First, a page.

Directive 68/151 / EEC of 9 March 1968 on the coordination of safeguard measures against members and others to be accorded to member countries of undertakings in the meaning of the second paragraph of Article 58 of the Treaty , in order to make these measures equivalent to the whole community “, with all the care that is shown in the protection of the rights of third parties, has not forgotten to leave a path to address the invalidity of the establishment of commercial companies in cases of special. In this paper I will give my contribution in analyzing the invalidity of commercial entities under EU legislation. In a latter faze, I will elaborate the influences and harmonization of EU legal framework on Albanian legislation of commercial companies
In legal practice today, negligence has pride of place in tort. The majority of tort claims are for negligence and, even if other torts such as breach of statutory duty or nuisance are involved in a particular case, negligence is frequently claimed as well. This has not always been the case. Negligence is a relatively recent tort to emerge in its own right in the long history of tort. This scientific paper will introduce the tort of negligence by tracing the rise of fault as a basis of liability and commenting on the case of Donoghue v Stevenson.
This paper aims at providing an analysis of the Albanian legislation and jurisprudence on the recognition and enforcement of foreign judgments and arbitral awards in Albania. Such an analysis is especially relevant in the current situation of the development of Albania and in this crucial moment of its European integration process and the implementation of the Stabilization and Association Agreement with the European Union.The analysis is composed of three parts, starting with the definition of the foreign judgments and arbitral awards as enforceable orders. Also, apart from the Albanian legislation, the analysis includes the legislation of other European countries, as well as the impact in its domestic legislation of different international treaties on the recognition and enforcement of foreign judgments and arbitral awards.The paper is enriched with the analysis of the Albanian jurisprudence, among others by including the unifying judgments of the Joint Benches of the Supreme Court, because of their special leading role for the courts in Albania. Further, the analysis continues with the detailed procedure of the recognition and enforcement of foreign judgments and arbitral awards in Albania, ending with the conclusions.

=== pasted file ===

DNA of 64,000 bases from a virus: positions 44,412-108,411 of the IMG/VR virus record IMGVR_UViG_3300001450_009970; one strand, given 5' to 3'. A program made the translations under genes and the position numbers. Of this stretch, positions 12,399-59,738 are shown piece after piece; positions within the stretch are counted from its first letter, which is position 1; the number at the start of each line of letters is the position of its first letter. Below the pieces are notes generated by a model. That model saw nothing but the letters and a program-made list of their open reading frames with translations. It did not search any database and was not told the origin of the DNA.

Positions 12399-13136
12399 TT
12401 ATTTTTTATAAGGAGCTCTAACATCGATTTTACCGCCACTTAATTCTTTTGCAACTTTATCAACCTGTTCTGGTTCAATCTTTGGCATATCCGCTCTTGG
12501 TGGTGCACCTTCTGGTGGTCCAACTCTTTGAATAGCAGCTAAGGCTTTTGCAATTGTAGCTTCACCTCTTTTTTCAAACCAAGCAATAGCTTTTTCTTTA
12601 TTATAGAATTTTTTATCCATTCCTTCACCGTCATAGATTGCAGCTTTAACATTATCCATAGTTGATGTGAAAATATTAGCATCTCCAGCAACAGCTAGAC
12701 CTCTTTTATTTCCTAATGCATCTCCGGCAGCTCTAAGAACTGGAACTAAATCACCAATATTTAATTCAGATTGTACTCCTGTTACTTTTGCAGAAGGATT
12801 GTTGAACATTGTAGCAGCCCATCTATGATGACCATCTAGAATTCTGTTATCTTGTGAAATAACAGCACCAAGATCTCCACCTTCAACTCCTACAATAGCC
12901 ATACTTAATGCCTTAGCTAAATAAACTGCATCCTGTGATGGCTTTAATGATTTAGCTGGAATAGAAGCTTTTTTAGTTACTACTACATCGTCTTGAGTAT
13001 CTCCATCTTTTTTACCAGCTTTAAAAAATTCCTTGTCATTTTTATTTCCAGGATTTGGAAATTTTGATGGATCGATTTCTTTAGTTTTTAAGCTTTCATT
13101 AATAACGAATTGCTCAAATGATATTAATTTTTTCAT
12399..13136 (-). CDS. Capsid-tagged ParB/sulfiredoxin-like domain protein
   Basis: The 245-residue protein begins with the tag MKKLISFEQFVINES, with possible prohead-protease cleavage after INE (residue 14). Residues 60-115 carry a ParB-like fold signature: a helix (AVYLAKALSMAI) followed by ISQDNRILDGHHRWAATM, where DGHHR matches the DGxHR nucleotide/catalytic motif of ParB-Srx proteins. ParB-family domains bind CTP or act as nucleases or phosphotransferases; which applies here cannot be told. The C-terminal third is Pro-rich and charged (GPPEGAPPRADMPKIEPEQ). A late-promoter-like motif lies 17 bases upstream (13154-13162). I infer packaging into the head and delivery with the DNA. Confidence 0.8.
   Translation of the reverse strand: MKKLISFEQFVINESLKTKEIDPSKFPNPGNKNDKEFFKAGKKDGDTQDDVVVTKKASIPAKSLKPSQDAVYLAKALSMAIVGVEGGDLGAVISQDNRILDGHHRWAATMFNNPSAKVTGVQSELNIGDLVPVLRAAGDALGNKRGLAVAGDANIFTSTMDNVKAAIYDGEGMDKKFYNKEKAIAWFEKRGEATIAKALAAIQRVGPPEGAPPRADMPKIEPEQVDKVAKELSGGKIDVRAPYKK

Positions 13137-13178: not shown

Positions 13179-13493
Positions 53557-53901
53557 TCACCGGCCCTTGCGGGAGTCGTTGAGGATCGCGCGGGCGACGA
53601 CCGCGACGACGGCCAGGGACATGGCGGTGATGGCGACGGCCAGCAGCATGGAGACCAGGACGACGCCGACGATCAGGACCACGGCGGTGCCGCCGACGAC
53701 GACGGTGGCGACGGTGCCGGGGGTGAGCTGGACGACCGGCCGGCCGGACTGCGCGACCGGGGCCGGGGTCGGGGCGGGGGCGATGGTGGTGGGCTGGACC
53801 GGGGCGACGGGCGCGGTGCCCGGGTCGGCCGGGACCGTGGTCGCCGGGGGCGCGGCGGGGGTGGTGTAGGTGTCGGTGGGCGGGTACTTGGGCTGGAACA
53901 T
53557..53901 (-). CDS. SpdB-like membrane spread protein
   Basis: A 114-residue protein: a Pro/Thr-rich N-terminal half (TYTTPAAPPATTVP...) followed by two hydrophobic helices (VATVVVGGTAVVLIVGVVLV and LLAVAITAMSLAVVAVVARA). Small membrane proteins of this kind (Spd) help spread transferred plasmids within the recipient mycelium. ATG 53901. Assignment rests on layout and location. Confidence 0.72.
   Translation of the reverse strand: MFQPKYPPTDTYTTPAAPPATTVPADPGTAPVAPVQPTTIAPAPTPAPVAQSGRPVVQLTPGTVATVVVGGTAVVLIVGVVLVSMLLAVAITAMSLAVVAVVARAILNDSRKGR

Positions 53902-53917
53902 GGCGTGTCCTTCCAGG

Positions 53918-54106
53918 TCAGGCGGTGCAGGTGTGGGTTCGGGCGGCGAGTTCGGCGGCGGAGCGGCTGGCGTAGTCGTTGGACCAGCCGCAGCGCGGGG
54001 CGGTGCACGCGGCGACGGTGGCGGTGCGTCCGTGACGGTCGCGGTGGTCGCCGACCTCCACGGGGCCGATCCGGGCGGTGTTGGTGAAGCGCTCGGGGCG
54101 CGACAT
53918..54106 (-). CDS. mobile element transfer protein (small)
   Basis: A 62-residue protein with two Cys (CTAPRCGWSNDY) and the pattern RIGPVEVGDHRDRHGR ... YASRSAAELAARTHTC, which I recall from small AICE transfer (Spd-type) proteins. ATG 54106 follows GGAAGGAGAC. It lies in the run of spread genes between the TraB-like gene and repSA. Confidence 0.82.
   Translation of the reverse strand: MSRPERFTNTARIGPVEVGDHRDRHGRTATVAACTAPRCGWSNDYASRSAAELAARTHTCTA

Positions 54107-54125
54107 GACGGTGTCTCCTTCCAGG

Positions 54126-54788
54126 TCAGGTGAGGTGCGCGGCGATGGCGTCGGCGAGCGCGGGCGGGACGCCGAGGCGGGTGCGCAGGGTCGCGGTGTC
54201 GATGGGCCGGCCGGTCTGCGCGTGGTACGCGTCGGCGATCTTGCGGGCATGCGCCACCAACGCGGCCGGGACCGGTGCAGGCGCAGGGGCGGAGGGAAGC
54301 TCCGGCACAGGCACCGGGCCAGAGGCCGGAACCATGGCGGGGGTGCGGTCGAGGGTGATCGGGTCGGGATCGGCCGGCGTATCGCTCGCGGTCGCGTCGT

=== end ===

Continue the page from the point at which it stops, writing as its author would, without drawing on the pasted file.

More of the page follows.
REGULATIONS OR LEGISLATION FOR DATA PROTECTION IN NIGERIA? A CALL FOR A CLEAR LEGISLATIVE FRAMEWORK (Published)
Personal information or personally identifiable data is a subject that people have become aware of the need to protect. And the challenge of legislating for data protection in today’s world is that which many nations have taken seriously. Nigeria as a developing nation appears not to be left out of this as the NITDA has released a set of guidelines in this regard as a means to offer some protection. This article examines legislations on the Nigerian landscape that resemble data protection legislation like the Official Secrets Act, the Freedom of Information Act and the most recent NITDA Draft Guidelines for data protection with a view to show the adequacy or otherwise. The guidelines were examined in some detail. The paper summarily compares the present landscape with the European Union standard and concludes that Nigeria does not have adequate data protection legislation. The paper concludes that strong legislation is desirable to protect personal data in Nigeria.
Pretending To Be Free: Oliver Wendell Holmes As a Victorian Revolutionary (Review Completed - Accepted)
Skeptical of Truth and of its assumed relation to public policy, Oliver Wendell Holmes tended to approve of legislation so long as it adhered to proper procedures. He had no need, unlike is great colleague Brandeis, to evaluate the substance of legislative acts. The entire process, irrational in its premises, was sufficient unto itself. He presumed the legislature reflected the public will, almost always devoid of reason. The judiciary’s sole role was to assess the legislature’s adherence to the rules of legislative procedure as laid out in the Constitution. Judges were arbiters of the rules not of the wisdom of legislation
Data protection is a vital tool to the development of any country. Certain challenges pose a threat to data protection in developing countries although the same challenges are evident in developed countries. For instance, technological advancement in information technology has challenged the existing mechanisms of data protection. Other threats to data protection as identified in this paper include inappropriate legislation, inadequate internet regulations, unethical computer users in the office, computer system mal-function, hardware failure, power blackouts and power failures. Certain remedies are necessary to counteract the challenges. Some of the remedies presented include internet regulation for users and internet service providers, computer ethics education and training among users, cross-border harmonization of laws on data protection and enforcement procedures, response to and preparing for power blackouts/power failures, response to system and hardware failures and introduction of national youth development forums and self employment initiatives. A conclusion is drawn from the challenges and the remedies discussed with great emphasis being laid upon curbing data crimes in the office work atmosphere, business atmosphere and stressing the need for strengthening the current legislation and enforcement procedures on data protection.